The most famous British royal couple of the day, Prince William and Kate – newly married and newly titled as Duke and Duchess, are probably still attending the many celebrations, formal functions and royal pageantry from today’s wedding. Many people all over the internet have quipped: “Who cares?” Well, apparently, according to the polls, millions of people do.
As I was watching the news this morning I was amazed at the amount of coverage this wedding garnered, on all stations, networks and satellite feeds. It made me wonder – how many cameras to you think were covering this event?
How many TV news cameras?
How many newspapers and paparazzi cameras?
How many home video enthusiasts were shooting with their camcorders?
How many Smartphones and cell phones recorded the event?
The Wall Street Journal posted a report that CNN was sending 125 journalists to the event, whereas CNN only sent 50 to cover Japan’s earthquake. Then there’s ABC, CBS, NBC, BBC, and the rest of the worldwide press.
It’s daunting, actually, to think of all those cameras – I’d wager at least one camera for every 4th person watching the fanfare outside, and there were thousands of people outside. Inside was a different story. It seemed like every angle was covered. And the images were so clear and in perfect focus! No shadows, no shots of the bride lost behind a huge bouquet of flowers, no contrast issues or low light/bright light concerns. None of the usual “Wedding Video Woes”!
Can you imagine the pressure on the crew hired to be the official wedding video producers? Wedding videography is a big booming business, but we all know sometimes the best shots are lost when the unexpected happens, your battery dies, someone bobbles the camera, the best man drops the ring or a bridesmaid faints.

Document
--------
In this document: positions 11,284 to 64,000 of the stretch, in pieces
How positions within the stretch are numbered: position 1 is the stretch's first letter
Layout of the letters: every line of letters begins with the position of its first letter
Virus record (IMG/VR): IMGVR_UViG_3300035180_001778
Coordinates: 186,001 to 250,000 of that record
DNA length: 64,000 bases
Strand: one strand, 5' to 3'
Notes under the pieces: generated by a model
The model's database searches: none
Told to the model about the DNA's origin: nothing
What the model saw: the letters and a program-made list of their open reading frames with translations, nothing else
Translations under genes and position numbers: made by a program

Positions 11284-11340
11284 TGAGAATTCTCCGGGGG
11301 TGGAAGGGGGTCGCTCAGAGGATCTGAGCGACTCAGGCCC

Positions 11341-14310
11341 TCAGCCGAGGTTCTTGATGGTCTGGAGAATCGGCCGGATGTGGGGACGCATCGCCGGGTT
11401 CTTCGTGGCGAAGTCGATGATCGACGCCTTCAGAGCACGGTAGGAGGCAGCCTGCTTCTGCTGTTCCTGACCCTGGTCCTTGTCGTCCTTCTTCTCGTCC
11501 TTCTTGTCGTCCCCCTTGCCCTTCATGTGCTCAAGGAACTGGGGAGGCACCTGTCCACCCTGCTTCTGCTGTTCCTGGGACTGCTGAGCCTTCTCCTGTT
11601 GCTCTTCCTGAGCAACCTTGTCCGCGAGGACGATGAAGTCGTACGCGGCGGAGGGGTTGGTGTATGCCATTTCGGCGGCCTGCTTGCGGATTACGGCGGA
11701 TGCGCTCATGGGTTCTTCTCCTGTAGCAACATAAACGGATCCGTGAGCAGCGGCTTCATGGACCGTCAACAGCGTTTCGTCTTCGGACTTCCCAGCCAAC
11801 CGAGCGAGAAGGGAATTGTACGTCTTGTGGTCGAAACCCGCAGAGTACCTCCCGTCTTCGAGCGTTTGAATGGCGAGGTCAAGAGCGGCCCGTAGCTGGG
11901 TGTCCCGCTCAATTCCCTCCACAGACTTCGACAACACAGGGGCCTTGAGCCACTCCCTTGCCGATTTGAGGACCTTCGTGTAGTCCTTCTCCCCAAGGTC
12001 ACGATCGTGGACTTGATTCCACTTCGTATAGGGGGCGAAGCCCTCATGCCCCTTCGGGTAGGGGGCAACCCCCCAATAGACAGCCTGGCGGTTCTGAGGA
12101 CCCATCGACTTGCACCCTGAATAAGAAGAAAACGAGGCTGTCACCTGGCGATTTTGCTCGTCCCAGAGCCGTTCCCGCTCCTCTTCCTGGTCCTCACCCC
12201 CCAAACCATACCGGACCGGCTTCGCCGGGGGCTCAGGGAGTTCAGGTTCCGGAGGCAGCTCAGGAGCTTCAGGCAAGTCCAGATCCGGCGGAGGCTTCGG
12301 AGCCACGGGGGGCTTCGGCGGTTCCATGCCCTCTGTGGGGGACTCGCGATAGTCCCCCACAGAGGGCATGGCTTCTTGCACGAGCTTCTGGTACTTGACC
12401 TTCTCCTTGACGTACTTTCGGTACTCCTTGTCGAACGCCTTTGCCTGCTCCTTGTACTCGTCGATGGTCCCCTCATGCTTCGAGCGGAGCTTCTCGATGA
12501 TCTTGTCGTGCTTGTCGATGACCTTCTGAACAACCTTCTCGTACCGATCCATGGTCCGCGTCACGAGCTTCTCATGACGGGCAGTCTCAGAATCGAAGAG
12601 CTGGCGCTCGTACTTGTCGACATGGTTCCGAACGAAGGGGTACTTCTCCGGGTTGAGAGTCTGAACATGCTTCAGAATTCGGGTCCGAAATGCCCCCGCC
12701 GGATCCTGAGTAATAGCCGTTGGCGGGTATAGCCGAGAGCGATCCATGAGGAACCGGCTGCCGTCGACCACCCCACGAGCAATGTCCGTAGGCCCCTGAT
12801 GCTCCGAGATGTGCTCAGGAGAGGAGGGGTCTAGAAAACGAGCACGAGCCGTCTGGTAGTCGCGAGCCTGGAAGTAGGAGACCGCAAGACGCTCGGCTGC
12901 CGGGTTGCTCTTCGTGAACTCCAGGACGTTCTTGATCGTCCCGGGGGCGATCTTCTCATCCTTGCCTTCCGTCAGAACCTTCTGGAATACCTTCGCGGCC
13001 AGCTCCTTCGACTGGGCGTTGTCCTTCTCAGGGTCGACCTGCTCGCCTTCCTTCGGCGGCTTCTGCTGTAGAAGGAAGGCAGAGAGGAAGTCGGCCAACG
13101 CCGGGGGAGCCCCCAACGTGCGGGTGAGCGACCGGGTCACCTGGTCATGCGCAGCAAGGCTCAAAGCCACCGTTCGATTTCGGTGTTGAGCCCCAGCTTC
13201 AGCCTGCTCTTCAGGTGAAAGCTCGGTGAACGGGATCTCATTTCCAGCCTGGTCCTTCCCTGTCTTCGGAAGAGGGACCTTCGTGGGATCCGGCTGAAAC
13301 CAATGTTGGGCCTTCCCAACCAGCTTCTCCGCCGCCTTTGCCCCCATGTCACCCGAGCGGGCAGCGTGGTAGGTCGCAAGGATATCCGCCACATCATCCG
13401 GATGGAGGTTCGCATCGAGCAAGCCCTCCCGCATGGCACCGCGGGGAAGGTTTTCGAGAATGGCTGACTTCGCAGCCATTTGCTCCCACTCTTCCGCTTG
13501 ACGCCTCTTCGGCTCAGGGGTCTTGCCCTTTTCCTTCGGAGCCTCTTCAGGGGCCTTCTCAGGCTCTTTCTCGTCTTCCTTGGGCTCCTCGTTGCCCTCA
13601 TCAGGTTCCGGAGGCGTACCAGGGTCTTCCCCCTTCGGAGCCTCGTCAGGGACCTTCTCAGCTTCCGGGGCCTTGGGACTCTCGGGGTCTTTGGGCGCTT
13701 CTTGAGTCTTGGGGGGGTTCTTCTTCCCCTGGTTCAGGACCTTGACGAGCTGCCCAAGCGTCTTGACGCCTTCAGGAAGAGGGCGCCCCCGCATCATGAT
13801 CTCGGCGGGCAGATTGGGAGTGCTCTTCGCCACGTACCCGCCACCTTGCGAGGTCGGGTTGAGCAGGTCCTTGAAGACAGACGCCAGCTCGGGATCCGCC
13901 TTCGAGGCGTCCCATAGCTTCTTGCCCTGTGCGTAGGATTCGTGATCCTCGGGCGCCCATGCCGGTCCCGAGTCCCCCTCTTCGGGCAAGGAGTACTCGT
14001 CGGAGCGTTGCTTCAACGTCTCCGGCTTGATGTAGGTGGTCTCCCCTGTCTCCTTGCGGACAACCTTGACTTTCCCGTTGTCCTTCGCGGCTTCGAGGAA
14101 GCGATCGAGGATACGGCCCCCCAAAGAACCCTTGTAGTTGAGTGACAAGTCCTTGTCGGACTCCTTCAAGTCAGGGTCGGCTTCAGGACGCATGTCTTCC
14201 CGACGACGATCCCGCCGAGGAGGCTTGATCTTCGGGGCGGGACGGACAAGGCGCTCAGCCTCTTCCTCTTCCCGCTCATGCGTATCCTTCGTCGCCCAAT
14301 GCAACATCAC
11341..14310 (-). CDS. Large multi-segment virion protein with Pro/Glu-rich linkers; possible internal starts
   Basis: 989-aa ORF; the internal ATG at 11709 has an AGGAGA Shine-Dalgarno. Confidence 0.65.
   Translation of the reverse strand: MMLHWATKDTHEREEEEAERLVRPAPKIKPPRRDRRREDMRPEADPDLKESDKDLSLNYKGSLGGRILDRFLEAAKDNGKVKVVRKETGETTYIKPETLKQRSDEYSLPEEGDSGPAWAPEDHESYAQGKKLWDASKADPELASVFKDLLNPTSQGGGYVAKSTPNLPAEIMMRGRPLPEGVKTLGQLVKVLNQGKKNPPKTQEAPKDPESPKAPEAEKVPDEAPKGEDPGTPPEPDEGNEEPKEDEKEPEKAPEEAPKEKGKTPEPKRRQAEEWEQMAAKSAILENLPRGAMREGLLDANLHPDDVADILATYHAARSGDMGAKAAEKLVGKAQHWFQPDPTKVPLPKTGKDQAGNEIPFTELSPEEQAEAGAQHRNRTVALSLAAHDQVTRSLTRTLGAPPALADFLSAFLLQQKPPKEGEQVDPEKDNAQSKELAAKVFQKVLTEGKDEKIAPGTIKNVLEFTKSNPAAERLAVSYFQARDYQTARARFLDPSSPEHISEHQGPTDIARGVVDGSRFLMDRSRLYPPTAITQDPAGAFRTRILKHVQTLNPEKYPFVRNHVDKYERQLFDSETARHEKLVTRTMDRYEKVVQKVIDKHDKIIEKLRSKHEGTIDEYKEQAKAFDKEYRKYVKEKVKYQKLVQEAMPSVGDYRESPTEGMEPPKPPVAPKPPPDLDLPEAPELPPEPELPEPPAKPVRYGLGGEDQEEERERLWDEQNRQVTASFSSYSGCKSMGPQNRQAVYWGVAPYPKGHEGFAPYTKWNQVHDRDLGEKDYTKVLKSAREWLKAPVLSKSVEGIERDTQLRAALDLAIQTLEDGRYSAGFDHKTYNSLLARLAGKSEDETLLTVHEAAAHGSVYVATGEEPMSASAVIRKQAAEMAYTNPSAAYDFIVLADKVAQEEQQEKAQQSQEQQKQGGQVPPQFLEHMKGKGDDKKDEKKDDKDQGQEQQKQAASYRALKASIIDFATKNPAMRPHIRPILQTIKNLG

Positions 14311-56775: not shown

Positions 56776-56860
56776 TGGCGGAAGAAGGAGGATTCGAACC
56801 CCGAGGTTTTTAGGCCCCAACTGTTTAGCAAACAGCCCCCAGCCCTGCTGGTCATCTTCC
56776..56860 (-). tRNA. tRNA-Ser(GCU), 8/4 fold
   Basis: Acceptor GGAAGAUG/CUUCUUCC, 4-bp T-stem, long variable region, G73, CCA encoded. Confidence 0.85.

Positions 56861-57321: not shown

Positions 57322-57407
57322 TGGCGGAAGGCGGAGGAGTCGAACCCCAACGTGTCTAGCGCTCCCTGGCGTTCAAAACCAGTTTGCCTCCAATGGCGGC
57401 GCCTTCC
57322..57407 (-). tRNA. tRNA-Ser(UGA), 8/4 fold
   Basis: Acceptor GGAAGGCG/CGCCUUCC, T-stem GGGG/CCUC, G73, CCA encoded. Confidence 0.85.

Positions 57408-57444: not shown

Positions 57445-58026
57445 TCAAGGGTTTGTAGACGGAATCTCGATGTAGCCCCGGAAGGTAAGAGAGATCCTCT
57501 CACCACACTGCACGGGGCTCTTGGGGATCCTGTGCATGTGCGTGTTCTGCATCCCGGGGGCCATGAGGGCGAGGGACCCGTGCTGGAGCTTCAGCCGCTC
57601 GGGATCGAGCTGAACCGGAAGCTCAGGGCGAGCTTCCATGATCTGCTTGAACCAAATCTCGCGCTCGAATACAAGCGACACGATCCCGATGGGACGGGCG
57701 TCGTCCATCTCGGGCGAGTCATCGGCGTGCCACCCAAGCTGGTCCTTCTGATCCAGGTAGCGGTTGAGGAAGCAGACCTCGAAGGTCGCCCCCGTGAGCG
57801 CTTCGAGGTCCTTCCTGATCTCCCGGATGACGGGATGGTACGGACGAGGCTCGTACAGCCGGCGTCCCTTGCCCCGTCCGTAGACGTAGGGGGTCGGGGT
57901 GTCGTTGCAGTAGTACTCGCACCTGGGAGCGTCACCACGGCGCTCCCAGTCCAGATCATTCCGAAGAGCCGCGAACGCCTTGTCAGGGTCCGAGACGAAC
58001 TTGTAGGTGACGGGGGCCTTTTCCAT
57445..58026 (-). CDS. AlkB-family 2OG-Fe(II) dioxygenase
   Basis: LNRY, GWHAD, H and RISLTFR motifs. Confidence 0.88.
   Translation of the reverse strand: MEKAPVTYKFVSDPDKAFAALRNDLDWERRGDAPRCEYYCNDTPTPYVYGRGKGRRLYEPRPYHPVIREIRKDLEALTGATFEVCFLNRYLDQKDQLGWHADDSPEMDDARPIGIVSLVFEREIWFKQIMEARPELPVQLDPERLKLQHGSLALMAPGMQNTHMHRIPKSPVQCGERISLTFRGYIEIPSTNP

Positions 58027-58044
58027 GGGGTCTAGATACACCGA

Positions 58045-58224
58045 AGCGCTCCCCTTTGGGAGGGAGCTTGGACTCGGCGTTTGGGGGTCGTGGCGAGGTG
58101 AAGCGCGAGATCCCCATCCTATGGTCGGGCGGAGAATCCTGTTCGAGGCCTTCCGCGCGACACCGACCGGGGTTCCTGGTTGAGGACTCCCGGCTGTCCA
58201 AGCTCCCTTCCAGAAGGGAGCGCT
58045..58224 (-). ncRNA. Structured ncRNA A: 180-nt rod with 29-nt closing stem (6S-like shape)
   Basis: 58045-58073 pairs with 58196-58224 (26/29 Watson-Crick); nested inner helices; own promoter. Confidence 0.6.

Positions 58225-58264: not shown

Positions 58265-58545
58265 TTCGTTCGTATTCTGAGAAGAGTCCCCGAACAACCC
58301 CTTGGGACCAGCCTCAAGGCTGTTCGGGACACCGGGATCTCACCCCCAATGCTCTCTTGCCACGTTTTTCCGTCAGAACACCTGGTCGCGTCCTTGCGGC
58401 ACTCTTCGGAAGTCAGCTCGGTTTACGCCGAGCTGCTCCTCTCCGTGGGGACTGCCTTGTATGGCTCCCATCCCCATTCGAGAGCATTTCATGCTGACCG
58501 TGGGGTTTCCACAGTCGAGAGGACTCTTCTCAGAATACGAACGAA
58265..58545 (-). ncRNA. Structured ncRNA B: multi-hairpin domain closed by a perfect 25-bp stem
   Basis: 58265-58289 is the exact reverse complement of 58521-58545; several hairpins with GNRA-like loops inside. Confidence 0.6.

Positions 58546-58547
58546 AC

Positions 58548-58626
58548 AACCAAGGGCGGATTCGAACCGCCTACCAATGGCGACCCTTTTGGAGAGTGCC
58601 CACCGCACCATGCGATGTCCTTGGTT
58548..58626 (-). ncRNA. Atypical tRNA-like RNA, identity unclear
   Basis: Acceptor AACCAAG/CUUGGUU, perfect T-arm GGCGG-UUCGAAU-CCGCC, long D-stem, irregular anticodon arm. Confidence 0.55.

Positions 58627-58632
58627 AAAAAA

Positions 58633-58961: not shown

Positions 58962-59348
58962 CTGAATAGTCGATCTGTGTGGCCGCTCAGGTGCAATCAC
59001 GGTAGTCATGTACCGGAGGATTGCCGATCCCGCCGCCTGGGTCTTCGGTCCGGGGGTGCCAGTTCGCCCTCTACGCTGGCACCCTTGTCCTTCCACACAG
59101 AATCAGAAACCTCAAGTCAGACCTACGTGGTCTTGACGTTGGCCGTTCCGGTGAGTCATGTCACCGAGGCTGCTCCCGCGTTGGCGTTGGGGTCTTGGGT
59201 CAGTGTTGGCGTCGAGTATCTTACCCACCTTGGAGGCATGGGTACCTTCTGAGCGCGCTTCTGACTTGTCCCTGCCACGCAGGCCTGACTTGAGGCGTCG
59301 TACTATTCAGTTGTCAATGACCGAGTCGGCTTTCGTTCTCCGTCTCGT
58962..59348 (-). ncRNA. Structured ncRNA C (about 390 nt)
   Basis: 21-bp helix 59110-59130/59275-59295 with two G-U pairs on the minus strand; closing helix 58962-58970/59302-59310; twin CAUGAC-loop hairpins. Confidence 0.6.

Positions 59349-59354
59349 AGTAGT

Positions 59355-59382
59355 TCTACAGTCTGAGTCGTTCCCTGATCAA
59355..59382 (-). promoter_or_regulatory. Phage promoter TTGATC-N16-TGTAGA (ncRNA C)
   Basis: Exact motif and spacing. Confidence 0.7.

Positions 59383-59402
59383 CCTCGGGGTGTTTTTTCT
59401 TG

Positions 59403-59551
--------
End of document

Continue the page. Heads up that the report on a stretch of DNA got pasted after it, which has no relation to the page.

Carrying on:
Weddings like this one are choreographed to the nth degree, still, things can happen. With live coverage costing the television networks millions for a link to the live feed, I’d assume an intern wasn’t manning a camera!
It sometimes seems that everyone with a camcorder nowadays calls themselves wedding videographers, and many terrible wedding videographers have made the rest of us true event videographers look bad. Videomaker recently won a Telly Award for our Wedding Production DVD series, if you want to stand out from the crowd, royal wedding or not, be sure to check that out. And for more tips on stellar wedding shooting, here’s a “Sneak Peak” at a well-written feature from our upcoming July 2011 issue, “Make Wedding Videos that Wow!” by Jay Montana.
Just for fun, (it’s Friday, after all!) Here are a few statistics about the numbers of people watching at some major televised events and historical moments:
According to the Wall Street Journal and Nielsen research:
180 million watched the 1963 coverage of President John F. Kennedy’s assassination and funeral and murder of Lee Harvey Oswald.
600 million watched the 1969 Apollo 11 moon landing and the first man-on-the-moon walk.
750 million watched the 1981 wedding of Prince Charles and Lady Diana.
2 billion watched Princess Diana’s 1997 funeral procession.
715 million watched the Italy vs France 2006 World Cup soccer final game.
1 billion watched the Summer Olympic’s 2008 opening ceremony in Beijing.
1 billion watched the 2010 coverage of the miners being rescued in Chile following 69 days of begin trapped underground.
With the internet and the over-abundance of coverage at today’s wedding, I wonder how many people watched at least a part of the ceremony or following events. Makes me glad I’m not manning a TV news camera anymore!